Salary Cap

Jets Rumors: Restructures, Williams, McDonald, Johnson

The Jets were recently able to create an impressive $12.7MM of cap space by reworking defensive end Carl Lawson‘s contract. The team may not be done there, according to Jeremy Fowler of ESPN, as there are a few more veterans with lofty salaries in 2023.

After reducing Lawson’s cap hit for the year, five Jets have cap hits over $10MM for the upcoming season: linebacker C.J. Mosley ($21.48MM), left tackle Duane Brown ($11.28MM), wide receiver Corey Davis ($11.17MM), left guard Laken Tomlinson ($10.88MM), and safety Jordan Whitehead ($10.23MM).

Mosley, Brown, and Davis make the most sense for potential further restructures, not just because they have the highest cap hits, but also because they all have salaries over $9MM next season. Mosley has the highest base salary for 2023 at $17MM, while Davis is at $10.5MM and Brown is at $9MM. The bigger base salary gives them a larger amount that they are able to convert into a signing bonus in order to reduce salary cap numbers.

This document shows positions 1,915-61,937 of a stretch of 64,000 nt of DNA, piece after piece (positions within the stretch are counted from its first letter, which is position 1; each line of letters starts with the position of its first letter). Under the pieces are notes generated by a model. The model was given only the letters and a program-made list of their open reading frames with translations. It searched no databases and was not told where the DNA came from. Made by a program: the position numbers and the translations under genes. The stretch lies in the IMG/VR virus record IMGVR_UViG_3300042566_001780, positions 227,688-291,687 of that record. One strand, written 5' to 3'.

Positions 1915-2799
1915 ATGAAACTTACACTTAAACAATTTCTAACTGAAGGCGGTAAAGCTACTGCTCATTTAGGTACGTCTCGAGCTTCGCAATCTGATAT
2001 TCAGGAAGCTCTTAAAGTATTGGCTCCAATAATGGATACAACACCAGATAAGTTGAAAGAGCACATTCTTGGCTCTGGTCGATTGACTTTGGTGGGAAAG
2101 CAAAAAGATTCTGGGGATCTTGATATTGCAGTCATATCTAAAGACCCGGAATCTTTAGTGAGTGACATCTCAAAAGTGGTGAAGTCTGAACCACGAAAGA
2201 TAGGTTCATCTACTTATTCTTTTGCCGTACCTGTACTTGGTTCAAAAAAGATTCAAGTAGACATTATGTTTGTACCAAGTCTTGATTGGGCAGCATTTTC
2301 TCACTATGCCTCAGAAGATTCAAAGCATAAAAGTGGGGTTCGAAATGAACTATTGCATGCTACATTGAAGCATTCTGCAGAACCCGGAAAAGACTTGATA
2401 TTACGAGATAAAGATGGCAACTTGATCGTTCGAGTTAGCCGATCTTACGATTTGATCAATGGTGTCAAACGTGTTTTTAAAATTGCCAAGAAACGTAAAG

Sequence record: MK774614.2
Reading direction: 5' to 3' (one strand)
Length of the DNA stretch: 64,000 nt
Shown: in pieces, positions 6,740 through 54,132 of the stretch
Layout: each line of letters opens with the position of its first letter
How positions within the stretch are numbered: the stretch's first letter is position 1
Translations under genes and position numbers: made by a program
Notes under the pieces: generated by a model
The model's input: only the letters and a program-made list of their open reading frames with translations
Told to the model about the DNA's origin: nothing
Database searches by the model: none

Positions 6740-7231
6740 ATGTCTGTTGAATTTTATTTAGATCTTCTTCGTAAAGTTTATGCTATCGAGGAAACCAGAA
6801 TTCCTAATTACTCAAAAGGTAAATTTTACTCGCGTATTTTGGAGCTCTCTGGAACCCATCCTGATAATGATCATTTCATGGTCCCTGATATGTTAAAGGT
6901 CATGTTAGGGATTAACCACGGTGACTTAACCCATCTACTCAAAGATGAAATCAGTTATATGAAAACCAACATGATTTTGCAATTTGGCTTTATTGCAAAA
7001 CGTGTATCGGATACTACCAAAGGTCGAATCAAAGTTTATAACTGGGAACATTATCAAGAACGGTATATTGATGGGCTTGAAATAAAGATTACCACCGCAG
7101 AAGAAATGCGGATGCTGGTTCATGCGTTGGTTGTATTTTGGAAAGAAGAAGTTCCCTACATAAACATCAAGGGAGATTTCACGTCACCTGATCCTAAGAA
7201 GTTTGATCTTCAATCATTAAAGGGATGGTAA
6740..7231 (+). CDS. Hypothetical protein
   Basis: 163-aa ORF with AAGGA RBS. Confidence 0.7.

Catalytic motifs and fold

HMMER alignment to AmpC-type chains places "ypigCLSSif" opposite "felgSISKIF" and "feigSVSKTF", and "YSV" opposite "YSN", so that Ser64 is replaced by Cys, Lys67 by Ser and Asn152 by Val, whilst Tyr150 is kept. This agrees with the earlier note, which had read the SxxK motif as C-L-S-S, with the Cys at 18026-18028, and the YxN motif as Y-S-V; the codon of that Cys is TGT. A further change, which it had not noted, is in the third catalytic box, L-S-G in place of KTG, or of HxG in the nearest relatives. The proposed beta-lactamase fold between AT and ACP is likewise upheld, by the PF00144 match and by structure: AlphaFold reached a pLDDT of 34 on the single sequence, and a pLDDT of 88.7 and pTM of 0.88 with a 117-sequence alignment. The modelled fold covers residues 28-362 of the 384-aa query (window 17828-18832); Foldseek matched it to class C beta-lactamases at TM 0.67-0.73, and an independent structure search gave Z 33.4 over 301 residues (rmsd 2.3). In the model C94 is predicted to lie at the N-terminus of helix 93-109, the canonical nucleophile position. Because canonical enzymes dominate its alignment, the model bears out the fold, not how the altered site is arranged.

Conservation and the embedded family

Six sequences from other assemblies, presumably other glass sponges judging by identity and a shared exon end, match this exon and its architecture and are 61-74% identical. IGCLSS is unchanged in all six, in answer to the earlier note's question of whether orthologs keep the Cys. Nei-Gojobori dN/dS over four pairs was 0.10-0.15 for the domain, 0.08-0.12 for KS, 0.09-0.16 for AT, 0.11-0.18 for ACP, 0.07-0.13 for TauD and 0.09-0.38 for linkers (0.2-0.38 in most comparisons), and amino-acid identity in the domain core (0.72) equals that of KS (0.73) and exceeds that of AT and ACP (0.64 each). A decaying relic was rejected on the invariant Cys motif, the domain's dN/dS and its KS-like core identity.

Here are a few more rumors concerning Gang Green:

  • Another player with a high salary and cap hit, as his fifth-year option gives him an amount for both of $9.59MM, Quinnen Williams has been the source of much stress for New York. While head coach Robert Saleh is fairly unconcerned about the situation, expecting a deal to get done, according to Rich Cimini of ESPN, the drama was only exacerbated with Williams made an adjustment to his Twitter bio earlier this week, writing, “Defensive tackle for ……………….” Many around the league are worried the situation could devolve into one resembling that of Jamal Adams, who general manager Joe Douglas had planned to make a “Jet for life” before trading him to Seattle weeks later.
  • The Jets used a first-round pick on Iowa State outside linebacker Will McDonald back in April. It puzzled some as it looked like the continuation of a number of early draft investments New York has made at pass rusher. Some wondered if they maybe planned to use McDonald as more of a complete linebacker, but according to Cimini, the Jets plan to use McDonald at defensive end. Considered to be arguably the draft’s best pass rushing prospect, McDonald will compete with recent high draft pick Jermaine Johnson and John Franklin-Myers for snaps across from Carl Lawson.